In this interview with Jennifer Rubin, Member, Employment, Labor & Benefits Practice at Mintz Levin, we discuss the facts about non-compete agreements being illegal in California, the exceptions, and why this is important for employers and other companies in a M&A situation.
Jen focuses on C-suite executive compensation practices, and on meeting the increasingly complex employment needs of executives of public and private corporations. When she isn’t negotiating employment, equity and severance arrangements, Jen leverages her twenty-five years of experience as a trial lawyer to help clients craft business solutions to legal problems. Jen, who has an AV Preeminent ranking from Martindale-Hubbell, which publishes a highly respected Law Directory, that provides background information on United States lawyers and law firms.
She is also a member of the Board of Directors of Big Brothers Big Sisters of San Diego County and is a faculty member and advisor to The Honor Foundation, a non-profit organization that assists Navy Seals and other armed services special operators transition from military service to the private sector. Jen is frequently quoted in the Wall Street Journal and other publications.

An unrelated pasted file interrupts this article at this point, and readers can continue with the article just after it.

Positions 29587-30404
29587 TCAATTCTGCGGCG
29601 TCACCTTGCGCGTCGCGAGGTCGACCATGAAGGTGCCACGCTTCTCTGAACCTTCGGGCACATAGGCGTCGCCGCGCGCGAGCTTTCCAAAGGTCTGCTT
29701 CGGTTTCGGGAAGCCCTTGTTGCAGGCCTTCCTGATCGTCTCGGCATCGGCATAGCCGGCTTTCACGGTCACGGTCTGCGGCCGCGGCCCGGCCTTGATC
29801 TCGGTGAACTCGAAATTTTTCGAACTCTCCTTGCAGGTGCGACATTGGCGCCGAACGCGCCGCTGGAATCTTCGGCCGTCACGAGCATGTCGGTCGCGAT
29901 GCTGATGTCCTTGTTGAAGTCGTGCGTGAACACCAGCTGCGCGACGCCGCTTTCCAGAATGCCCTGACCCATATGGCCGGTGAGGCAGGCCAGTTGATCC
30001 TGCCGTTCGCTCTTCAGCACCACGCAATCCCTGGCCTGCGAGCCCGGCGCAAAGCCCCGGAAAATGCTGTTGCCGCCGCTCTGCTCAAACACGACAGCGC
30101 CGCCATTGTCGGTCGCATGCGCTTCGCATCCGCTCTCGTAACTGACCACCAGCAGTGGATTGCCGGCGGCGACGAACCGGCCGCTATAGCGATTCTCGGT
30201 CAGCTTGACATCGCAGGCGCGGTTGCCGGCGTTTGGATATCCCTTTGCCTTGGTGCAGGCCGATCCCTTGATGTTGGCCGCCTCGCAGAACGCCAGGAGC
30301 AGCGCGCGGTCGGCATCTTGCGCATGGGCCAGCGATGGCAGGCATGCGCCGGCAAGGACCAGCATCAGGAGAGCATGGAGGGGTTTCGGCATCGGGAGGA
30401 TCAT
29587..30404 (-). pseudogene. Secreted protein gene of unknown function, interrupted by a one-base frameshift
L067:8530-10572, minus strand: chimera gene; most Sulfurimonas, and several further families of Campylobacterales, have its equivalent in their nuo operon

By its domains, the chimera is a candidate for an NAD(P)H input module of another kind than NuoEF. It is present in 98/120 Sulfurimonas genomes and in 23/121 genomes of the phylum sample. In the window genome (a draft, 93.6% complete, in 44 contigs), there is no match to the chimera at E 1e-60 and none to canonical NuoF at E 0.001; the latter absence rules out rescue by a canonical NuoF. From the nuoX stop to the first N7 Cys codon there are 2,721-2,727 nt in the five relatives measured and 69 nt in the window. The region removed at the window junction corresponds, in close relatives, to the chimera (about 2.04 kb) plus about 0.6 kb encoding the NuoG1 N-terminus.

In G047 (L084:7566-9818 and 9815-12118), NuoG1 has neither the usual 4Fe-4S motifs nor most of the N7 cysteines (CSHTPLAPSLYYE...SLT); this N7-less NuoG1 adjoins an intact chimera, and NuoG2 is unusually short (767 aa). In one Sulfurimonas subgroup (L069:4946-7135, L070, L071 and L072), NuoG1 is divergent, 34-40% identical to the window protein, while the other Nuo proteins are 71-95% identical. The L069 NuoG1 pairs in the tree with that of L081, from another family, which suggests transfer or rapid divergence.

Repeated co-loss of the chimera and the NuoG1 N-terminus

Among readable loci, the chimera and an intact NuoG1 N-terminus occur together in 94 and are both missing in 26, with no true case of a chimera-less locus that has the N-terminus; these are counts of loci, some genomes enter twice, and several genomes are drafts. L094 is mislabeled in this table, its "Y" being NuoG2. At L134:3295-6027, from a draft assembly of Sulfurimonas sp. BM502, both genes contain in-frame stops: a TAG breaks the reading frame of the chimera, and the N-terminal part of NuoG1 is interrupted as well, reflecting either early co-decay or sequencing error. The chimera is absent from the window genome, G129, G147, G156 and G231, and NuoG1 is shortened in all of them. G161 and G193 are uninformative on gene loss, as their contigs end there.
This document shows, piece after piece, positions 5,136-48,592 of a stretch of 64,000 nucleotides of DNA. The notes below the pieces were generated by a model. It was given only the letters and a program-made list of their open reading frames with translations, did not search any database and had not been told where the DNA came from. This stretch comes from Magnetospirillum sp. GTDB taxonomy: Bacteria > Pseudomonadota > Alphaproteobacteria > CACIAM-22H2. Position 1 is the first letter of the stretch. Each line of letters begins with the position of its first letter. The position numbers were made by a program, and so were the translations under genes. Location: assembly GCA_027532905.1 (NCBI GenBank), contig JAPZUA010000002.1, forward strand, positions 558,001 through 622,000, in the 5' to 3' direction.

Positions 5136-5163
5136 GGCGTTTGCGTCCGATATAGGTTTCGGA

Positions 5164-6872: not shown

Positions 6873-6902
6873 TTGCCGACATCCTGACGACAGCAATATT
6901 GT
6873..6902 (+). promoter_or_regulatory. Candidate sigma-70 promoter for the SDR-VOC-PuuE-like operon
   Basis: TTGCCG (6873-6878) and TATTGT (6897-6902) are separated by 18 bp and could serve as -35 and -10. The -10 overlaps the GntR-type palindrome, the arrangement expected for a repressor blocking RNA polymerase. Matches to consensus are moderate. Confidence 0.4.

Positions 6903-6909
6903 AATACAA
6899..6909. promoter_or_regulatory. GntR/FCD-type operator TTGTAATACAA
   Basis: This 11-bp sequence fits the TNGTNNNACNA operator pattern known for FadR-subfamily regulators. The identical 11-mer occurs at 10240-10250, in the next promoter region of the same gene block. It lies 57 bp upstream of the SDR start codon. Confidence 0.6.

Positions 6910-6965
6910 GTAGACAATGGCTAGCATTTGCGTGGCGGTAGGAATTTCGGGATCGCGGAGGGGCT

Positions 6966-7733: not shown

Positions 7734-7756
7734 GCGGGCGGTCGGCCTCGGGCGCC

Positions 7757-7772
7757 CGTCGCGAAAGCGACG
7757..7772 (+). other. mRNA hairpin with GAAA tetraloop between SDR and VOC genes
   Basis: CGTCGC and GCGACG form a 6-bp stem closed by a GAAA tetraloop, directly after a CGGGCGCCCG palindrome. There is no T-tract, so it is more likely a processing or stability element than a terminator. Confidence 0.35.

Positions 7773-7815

As Jen states:
“Non-compete agreements are significant here in California because they’re illegal unless someone is selling all of their equity interest in a corporation, which makes sense. If I’m coming in to buy a company, I shouldn’t allow the individual who owns all the stock to, the next day, open up business across the street from me.
There are some very limited situations where non-competes are enforced, and that’s one of them. You have to sell all of your equity interest in the company. The company buying it has to be in that business. Every other type of non-compete is illegal in California in every situation.
This is not just non-compete in terms of, ‘You can’t be in a competitive business.’ It also prohibits a company from asking an individual not to solicit the company’s customers after the individual leaves employment.
Let me make one thing clear. While you are employed, the law says you cannot compete with your employer. This relates to post employment activity. What happens when you’re no longer employed? That’s when the ban on non-compete agreements comes into play.
Another important exception is that trade secrets are protected in California. You are not allowed to use someone else’s trade secrets after or during employment. That’s another exception to the non-compete rule. I say this from practicing in New York for 25 years and then moving to California a couple of years ago.
It’s my experience that there are many companies and executives who are unaware of this ban, who come into California, engage executives here or buy companies here and they don’t even realize that there is this law on the books here in California. It is truly amazing to me how many people are completely ignorant of that fact.”
This is Patrick Henry, CEO of QuestFusion, with The Real Deal…What Matters.